A non-Japanese-speaking friend of mine was telling me a story of how he once tried to talk his way onto a dinner cruise, even though he knew all the seats were booked. Persistence, he figured, plus his clumsiness with the language would work its “gaijin” spell on the English-burdened clerk, who he just knew would eventually relent and find one more place setting.

Yet the clerk would not budge and soon both men became hot under the collar.

“So I had no choice,” my friend reported, “but to resort to the international language.”

“You mean you bribed him?”

He glared at me. “No . . . I gave him the finger.”

So some gestures do indeed cross cultures, with this specific motion perhaps being an educational byproduct of Hollywood, which can make people laugh, cry — and teach them how to be obscene with their fingers. Such is the magic of movies.

The communicative magic of Japanese gestures — on the other hand — doesn’t always stick. At least not for those fresh from the plane. So let the following words be a primer for the gesticularly challenged. Don’t worry — I promise this will be much easier than kanji. Really.

One of the more unique Japanese gestures is the pressing of an index finger to the nose to indicate oneself, whereas in the West such indication is usually done by pointing at one’s chest. That Japanese press their noses is sometimes cited as a reason why the Japanese proboscis is so blunt. Really. Yet even though the Japanese are famously self-conscious about the length of their noses, they all continue this potentially harmful gesture. Think of it like smoking or gambling. Some habits are hard to break, no matter what the personal risk.

The proper way to indicate someone other than yourself is to stick out your finger and press it upon that person’s nose. Really. If in doubt, just try it. You will be amazed at the communicative results.

Another colorful Japanese gesture is the raising of your pinkie finger to indicate another man’s wife, girlfriend or mistress — or possibly all three, depending on the man. (Note: When yakuza raise their pinkie finger, the gesture means roughly the same, except that the woman has been decapitated. Really.)

If you’re wondering how to use this gesture, here is a model situation:

A visitor steps into your office, looks around and then (after first pressing your nose) says, “Where’s your boss?”

At this “point” you nod at the broom closet and raise your pinkie finger. This tactfully tells the visitor that your boss is in the closet with his wife, girlfriend or mistress — or possibly all three, depending on the boss and the amount of noise coming from the closet.

Still another quaint Japanese gesture is the covering of one’s mouth while laughing. Only women do this, however. The reason is because women are forced to put up with so many sappy lines from bonehead men that by covering their mouth they can pretend to giggle, and stick out their tongue at the same time.

Meanwhile, men, especially the bonehead ones, cover not their mouths, but their eyes. Really. This means you should never make a Japanese man laugh while he is driving, chopping wood or about to press your nose. In this last case, you could lose an eye.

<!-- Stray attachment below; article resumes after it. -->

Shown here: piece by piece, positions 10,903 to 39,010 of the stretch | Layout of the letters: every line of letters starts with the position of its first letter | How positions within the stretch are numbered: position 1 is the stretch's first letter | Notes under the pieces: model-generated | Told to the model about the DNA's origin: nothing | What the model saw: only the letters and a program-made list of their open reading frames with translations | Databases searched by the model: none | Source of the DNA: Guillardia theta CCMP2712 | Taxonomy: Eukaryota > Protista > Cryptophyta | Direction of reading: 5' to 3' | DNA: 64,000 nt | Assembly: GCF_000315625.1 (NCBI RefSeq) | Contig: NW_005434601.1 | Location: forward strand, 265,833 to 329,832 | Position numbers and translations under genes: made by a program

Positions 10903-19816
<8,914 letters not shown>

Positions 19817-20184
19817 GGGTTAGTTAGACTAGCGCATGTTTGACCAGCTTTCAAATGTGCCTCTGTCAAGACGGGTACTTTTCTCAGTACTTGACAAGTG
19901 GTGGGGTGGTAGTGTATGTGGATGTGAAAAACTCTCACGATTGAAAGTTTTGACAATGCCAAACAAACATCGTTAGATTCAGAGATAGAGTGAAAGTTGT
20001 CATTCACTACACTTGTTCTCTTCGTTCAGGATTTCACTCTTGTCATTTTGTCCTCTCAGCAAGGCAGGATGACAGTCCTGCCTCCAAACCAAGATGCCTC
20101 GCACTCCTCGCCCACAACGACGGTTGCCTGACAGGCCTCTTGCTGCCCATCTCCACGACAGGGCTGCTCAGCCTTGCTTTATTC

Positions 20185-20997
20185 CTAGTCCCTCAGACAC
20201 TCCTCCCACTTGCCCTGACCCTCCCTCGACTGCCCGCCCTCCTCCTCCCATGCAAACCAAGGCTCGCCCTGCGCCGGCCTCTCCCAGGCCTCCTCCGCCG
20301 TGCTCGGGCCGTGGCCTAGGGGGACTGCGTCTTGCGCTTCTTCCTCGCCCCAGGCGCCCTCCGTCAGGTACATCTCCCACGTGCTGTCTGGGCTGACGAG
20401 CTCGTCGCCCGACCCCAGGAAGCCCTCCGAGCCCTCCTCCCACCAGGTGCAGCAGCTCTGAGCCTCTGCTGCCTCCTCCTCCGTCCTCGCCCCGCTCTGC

My favorite Japanese gesture is the framing of one’s head with both index fingers, one on either side. No, this does not indicate a bull, as if what I am about to tell you is full of it. Rather, this is emblematic of a horned Japanese ogre, called “oni,” which are usually bright red or blue, wear almost nothing and are perpetually angry. Which you might be too if you were red or blue and had no clothes.

Anyway, the “oni gesture” indicates that someone is upset. Interestingly enough, the gesture is often applied by a man when referring to his spouse. Of course, I have never used it to denote my own spouse because she rarely gets upset, even with the nose-pushing pranks of her clever husband, whom she just adores. Really.

“Are you making fun of my culture again?” she calls from the other room. “Don’t make me come over there.”

Now, this would be the perfect time to flash the oni sign but instead I cover my eyes, laugh, and say: “Uh, no, dear, I was just mulling over my love for Japan. Japan has four seasons, you know. Plus the Japanese language is the world’s most expressive, especially with gestures. So you can put down that ball bat, ha ha.”

She responds by spinning an index finger pointed at her head and then opening all the fingers at once, as if casting confetti skyward. This gesture means that the recipient is exceptionally bright. Really. I know, as I see it all the time.

The ultimate Japanese gesture is the act of bowing. “Most foreigners are crappy at bowing,” says my wife. “Something is always a little off. They end up looking so . . . foreign.”

The correct way to bow is to face the person you wish to address, place your hands at your sides and then lower your head while bending slightly at the waist. Where foreigners have been known to screw this up is by either holding their arms out like airplane wings or by spinning around and bending in the opposite direction. The airplane faux pas I did myself for years. Really.

There are, of course, many more. Because actions speak louder than words, these handy gesture hints will surely make your stay in Japan much more communicative. And, I bet, more interesting as well.


In a time of both misinformation and too much information, quality journalism is more crucial than ever.
By subscribing, you can help us get the story right.